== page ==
2. karen says:

    “Cabbage will also grow a few more little heads for you. Just cut the main cabbage off and then you’ll have 3 or so of the cutest little cabbages you’ve ever seen. They’re the perfect size for braising and eating whole as a side dish.”

    i’m reading brussels sprouts here. karen?

  3. Anne says:

    Ohhh I love all these tricks and your garden looks absolutely gorgeous!!

  4. Comme j’aimerais visiter ce jardin. Il est, avant, tou, lieu de culture et les légumes y poussent, heureux. Mais c’est aussi, un espace de création, un jardin de poète, qui laisse place à l’enfance , le jeu, l’originalité, d’une aussi jolie façon, qu’il est devenu un endroit absolument délicieux.
    Bel été à vous.


  5. Maria says:

    Am I the only person who wonders how you keep stuff from getting stolen at your community garden? At my community garden, they would steal everything including the astroturf and then steal the veggies.

  6. Kim says:

    Hi Karen, I love living vicariously through you and your garden. Keep the posts and the pics coming. I live in a 700 sq ft condo so my “urban garden” is my 10 X 6 patio. This is only my second year so still experimenting. Like you, I love to relax on my patio smelling my tomatoes and basil. I always look forward to all your posts, whether I can replicate them or not. One day I hope to have a community plot or a home with a yard and I will put all of your excellent advice to use! Thanks again :-)

  7. Mindy says:

    How far is the garden from your house?

  8. Mel says:

    Your garden is absolutely wonderful. What satisfying work vegetable gardening is. I grew a little tiny human this year instead of veggies, however, I was rewarded with three tomato plants that somehow seeded themselves in my perennial garden. I transplanted them into my barren vegetable plot and now I’m just waiting to see what kind they are. I’m really hoping they are the Black Krims from Cubits that I planted last year.
    Okay. Your table. I need it in my life. Judging by all the posts complimenting it, I hereby request a DIY garden table post. Anyone second this?

  9. BethH says:

    Karen, I just l love this” welcome to my garden” series. I do have some questions though, After reading this post I went out to my garden and it is just full of tiny white moths. Wouldn’t the logical thing be to kill the moths before they laid their eggs? How would you go about killing them or catching them in some kind of trap that doesn’t contain rotting shrimp? Any ideas?

    • Karen says:

      Well that’s the thing BethH. There are no really successful traps for the cabbage moth. Some people run around with butterfly nets. Other people use those battery operated zapper paddles. Just yesterday I pulled all the eaten leaves off of my kale plants and checked them for eggs and caterpillars. Once removed, I covered it with row cover. Hopefully that will protect my kale for the rest of the season. There really is no defence against cabbage moth other than netting. ~ karen!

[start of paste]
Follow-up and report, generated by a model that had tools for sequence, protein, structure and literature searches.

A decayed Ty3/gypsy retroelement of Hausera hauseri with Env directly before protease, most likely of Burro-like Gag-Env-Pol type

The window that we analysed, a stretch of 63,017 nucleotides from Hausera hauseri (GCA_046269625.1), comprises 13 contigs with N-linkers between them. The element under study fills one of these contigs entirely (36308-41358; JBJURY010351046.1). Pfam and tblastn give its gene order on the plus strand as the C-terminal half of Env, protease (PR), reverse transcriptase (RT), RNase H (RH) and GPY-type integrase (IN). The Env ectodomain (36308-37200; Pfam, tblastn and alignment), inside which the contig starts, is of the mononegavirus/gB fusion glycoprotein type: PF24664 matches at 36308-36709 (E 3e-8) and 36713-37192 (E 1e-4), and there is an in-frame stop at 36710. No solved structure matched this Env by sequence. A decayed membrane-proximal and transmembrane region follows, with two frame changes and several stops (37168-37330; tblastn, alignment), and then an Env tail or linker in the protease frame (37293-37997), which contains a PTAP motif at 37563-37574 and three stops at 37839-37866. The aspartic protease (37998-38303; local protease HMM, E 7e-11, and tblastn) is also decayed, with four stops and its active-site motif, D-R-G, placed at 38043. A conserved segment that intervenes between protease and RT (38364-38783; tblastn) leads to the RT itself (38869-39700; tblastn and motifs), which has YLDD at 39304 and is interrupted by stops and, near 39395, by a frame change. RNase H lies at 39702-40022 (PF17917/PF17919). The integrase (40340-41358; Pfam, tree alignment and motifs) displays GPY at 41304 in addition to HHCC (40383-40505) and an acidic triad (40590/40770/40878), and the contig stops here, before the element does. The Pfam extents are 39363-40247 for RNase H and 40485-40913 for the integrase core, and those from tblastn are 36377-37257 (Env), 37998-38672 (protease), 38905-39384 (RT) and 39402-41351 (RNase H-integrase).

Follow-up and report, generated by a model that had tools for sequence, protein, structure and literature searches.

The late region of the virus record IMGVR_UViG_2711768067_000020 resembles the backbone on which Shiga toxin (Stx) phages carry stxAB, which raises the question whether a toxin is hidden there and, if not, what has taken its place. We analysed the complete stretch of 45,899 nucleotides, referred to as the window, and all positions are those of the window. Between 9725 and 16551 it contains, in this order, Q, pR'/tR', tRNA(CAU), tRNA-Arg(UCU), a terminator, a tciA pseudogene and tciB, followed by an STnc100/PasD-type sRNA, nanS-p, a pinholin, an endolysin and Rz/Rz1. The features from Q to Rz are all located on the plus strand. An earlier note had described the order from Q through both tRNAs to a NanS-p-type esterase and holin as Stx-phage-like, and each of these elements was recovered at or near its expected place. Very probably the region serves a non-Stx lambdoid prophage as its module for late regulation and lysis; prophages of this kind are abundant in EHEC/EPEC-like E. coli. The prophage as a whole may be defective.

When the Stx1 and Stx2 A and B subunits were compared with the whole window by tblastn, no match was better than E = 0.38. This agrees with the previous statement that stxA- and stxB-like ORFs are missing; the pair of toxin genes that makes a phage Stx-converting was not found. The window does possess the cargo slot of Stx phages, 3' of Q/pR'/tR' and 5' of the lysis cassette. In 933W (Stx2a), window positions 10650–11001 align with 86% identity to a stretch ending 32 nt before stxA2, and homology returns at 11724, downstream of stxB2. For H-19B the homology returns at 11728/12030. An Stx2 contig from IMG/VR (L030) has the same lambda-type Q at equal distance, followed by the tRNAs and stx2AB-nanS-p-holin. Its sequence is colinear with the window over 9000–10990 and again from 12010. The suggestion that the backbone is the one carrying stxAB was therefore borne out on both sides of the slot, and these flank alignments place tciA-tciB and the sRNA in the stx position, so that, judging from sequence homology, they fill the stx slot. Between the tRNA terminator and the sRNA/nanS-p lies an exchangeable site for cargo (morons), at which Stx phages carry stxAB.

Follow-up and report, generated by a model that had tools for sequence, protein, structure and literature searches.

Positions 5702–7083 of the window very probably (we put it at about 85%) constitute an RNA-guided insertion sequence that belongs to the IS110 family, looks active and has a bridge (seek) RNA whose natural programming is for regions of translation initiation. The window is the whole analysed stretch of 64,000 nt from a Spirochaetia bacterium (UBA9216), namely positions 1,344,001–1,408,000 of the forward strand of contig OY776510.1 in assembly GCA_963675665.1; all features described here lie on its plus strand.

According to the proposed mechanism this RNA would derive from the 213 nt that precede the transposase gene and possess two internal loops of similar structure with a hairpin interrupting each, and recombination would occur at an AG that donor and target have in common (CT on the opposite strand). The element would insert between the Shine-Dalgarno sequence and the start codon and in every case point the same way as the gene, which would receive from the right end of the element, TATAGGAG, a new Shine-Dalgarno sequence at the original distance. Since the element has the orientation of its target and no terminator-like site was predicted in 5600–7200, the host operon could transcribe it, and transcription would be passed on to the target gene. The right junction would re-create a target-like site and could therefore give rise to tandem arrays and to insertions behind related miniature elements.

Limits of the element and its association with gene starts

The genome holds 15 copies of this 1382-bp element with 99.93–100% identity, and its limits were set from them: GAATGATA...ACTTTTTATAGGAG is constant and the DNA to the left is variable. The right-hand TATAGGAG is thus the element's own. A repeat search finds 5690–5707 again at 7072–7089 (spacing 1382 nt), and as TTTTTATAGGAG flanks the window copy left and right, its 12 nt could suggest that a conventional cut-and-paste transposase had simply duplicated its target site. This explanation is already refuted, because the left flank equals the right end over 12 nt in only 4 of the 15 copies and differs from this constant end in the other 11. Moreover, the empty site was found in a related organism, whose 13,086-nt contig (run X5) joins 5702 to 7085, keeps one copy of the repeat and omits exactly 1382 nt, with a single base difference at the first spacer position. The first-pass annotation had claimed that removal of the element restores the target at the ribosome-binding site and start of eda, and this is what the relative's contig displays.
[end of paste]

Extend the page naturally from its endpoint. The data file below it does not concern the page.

10. LisaS says:

    How big is your corn bed? I always want to grow corn, but my family explained I don’t have enough space, that in order to have a productive crop of corn I need a lot of space and several rows….. coming from people who spent their life farming huge crops of corn in huge fields. I don’t need that though, just enough for us for dinner for summers or whatever. Anyway, tell me about your corn. lol

    • Karen says:

      They’re right. You do need to plant a lot of corn. I have planted my corn according to the recommendations for square foot gardening. So 4 corn per square foot. In a 4′ x 4′ bed that gives me 64 plants! If I can manage to build something to keep the raccoons out before the corn matures I should get some. I’ll try to update the corn later in the season. :) ~ karen!

  11. Melanie says:

    Wow what a great garden!! We are currently farming green caterpillars (!) but still eat our broccoli, just steam it in one of those metal steamer baskets and when it’s done the steamed caterpillars conveniently fall to the bottom leaving bug free florets! :)

  12. Anita says:

    I’m wondering what your front yard looks like this summer. Is it lonely? Does it miss not being the center of your garden? What have you done with it now that you aren’t planting vegetables there?

  13. Julie says:

    I was growing grass, thistle and ants in my garden up until today — thanks go to life happening and northern Illinois weather. I managed to find an hour today to clean it out, and now I long to plant something.


    I miss my garden. I wish the world hadn’t gone crazy when it was time for planting.

    I think I’ll try some kale, carrots and green onions and see how far they get before winter arrives the beginning of September.

    • Karen says:

      You can also try lettuce, beets and radishes. You won’t get huge produce, but if you’re lucky you might get a reasonable sized haul. ~ karen!

      • Julie says:

        Thanks, Karen!

        I’ve never been a big fan of beets, but I had some raw beets a few years ago at an above-average salad bar that made me rethink my opinion. They didn’t taste like dirt and they weren’t pickled. I wish I could remember what they were. It seems like they were just your typical, run-of-the mill red beets, which surprised me because those are the ones I sprayed all over the dining room wall when I was a child. (My mother never ever bothered me about eating beets again.)

        Also, can you recommend a lettuce that won’t suffer from direct sunlight? There’s not even a hint of shade over my garden.